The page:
Next-gen artist services and music technology platform UnitedMasters, led by former Interscope Records president Steve Stoute, has exited stealth mode with $70 million in funding from Google's parent company Alphabet, respected venture capital firm Andreessen Horowitz, Floodgate, Translation and entertainment conglomerate 20th Century Fox.
UnitedMasters has raised $70 million to take on just about everyone in the recorded music business.
For too long, artists have had to surrender their independence and creative freedom to make it in the music industry. Until now.
Promoted as a modern alternative to the dieing record label model, United Masters offers a combination of distribution, targeted digital marketing and analytics similar to that offered by label services firms like Kobalt, Thirty Tigers and BMG, as well as, DIY solutions like CD Baby and Tunecore, albeit in a slicker and more integrated package. Google's Alphabet is also an investor in Kobalt.
While any artist can use the platform, unlike most of its non-label competitors, UnitedMasters also promises marketing and financial support to the most promising artists using the platform. Who gets that help will be largely determined by data analytics, a core feature built into all aspects of the company.
Experienced Team and Superstar Investors
A growing team of 40, that includes many ex-Facebook, Pandora and Dropbox staffers, is already working with 1000 artists and actively recruiting more. “Being able to operationalize independence was the goal of United Masters. There needs to be 250,000 Chance The Rappers,” says UnitedMasters founder and former Interscope Records president Steve Stoute.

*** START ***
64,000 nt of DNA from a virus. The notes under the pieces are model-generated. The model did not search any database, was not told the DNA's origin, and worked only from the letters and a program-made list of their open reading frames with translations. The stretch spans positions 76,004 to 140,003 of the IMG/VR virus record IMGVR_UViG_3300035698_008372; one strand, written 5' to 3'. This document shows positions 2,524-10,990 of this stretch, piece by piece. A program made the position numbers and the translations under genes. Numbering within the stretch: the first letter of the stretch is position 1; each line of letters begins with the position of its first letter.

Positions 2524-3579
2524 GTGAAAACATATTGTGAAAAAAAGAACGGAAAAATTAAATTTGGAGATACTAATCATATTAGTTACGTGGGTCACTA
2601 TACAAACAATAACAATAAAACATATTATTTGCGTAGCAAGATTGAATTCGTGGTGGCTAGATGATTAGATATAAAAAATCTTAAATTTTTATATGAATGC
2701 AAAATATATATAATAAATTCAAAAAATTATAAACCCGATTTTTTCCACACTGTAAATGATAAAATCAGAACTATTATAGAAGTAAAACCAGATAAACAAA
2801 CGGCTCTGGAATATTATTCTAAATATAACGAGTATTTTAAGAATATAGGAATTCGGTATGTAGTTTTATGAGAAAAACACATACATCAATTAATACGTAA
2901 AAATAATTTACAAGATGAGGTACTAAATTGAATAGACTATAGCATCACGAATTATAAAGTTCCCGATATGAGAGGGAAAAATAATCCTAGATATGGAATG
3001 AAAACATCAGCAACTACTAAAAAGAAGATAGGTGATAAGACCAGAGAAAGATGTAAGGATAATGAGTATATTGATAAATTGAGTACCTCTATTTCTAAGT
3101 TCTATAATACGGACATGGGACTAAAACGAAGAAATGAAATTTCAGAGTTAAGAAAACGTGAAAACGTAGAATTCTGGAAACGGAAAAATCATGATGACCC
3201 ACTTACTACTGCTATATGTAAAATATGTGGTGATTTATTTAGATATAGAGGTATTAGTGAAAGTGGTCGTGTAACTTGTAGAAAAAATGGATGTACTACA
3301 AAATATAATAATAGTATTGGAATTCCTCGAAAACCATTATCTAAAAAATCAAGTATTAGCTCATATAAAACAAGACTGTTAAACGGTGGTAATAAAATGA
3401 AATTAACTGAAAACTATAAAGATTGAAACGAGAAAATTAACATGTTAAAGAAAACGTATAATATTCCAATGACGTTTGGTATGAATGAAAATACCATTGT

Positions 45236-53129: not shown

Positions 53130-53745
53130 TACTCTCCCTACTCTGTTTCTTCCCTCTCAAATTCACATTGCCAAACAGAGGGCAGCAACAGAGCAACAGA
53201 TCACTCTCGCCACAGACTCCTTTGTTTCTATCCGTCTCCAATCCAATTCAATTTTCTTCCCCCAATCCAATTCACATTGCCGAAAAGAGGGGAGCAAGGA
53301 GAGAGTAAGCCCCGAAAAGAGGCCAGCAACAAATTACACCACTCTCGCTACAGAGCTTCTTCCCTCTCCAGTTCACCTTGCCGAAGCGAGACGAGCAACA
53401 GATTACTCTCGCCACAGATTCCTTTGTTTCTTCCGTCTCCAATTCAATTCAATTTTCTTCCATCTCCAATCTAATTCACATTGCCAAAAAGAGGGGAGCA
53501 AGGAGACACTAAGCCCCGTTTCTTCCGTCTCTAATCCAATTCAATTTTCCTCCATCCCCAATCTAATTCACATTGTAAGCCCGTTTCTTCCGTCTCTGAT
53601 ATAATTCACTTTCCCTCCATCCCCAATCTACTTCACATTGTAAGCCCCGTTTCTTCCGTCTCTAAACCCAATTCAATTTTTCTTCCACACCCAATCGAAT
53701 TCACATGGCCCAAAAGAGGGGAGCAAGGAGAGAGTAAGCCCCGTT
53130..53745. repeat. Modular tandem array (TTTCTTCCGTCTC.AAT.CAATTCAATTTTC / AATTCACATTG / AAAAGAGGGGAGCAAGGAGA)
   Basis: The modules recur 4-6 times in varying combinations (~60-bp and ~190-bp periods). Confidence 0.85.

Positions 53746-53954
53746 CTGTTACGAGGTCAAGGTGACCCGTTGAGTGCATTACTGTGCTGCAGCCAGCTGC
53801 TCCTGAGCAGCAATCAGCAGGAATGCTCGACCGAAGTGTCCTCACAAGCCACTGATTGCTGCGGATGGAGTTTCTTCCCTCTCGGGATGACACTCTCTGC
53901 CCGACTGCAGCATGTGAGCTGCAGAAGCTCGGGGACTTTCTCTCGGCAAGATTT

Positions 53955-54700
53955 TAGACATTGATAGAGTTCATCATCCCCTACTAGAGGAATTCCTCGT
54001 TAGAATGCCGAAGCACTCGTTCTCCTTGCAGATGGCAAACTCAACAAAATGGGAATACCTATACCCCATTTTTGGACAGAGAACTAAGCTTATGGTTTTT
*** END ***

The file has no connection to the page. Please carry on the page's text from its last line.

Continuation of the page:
Respected investor and hip hop uber-fan Ben Horowitz is joining the board. He also helped put together the team building the platform.
Steve thought: What if there were a platform that instantly enabled musical artists to market themselves globally as effectively as the top technology companies market to their customers?," wrote Horowitz. Such a platform would free musicians from dependencies on the old model while increasing their income tenfold. It would create unprecedented intimacy between artists and fans, while making artists truly independent."
Another investor that you might have heard of, Google founder and drummer Larry Page, also got involved very early. Page was apparently so surprised that musicians couldn’t easily track which fans spend the most and then retarget to sell them more, that he convinced Google’s Corp Dev leader David Drummond, himself a former radio DJ, to help United Masters the investment needed to change that.
United Masters is also launching a video series introducing United Stories, sharing original stories from the most innovative artists pushing music + culture forward." Here's the teaser:
I've always loved jazz ...my mother was a classical pianist and my aunt was a blues singer, who was managed by Clarence Williams (Bessie Smith's producer). As a young boy, they introduced me to people like Louis Armstrong, Sarah Vaughan, and Jimmy Smith
I've always loved jazz ...my mother was a classical pianist and my aunt was a blues singer, who was managed by Clarence Williams (Bessie Smith's producer). As a young boy, they introduced me to people like Louis Armstrong, Sarah Vaughan, and Jimmy Smith. We hung out at my Aunt Kate's Soul Food restaurant in Harlem after the matinees at the Apollo where I listened to their stories. I knew I wanted to be a jazz musician from then on. My mother wanted me to play piano, but my Aunt bought me a guitar. I've been playing ever since.
At my mother's early prompting, I first sang Blue Velvet at my Catholic elementary school...and all the nuns came running in and asked me to sing again, so I knew I must have sounded pretty good. I've been singing ever since.
I met Tony Bennett in Miami and he inspired me to return to New York. He was a great mentor.
The best show I ever attended is mpossible to say, I've seen so many great shows. From Tony Bennett to Pat Martino, Return to Forever to Weather Report...I've seen some great performances.
My advice to new listeners is don't let jazz intimidate you, the music has something for every listener and it is our American gift to the world.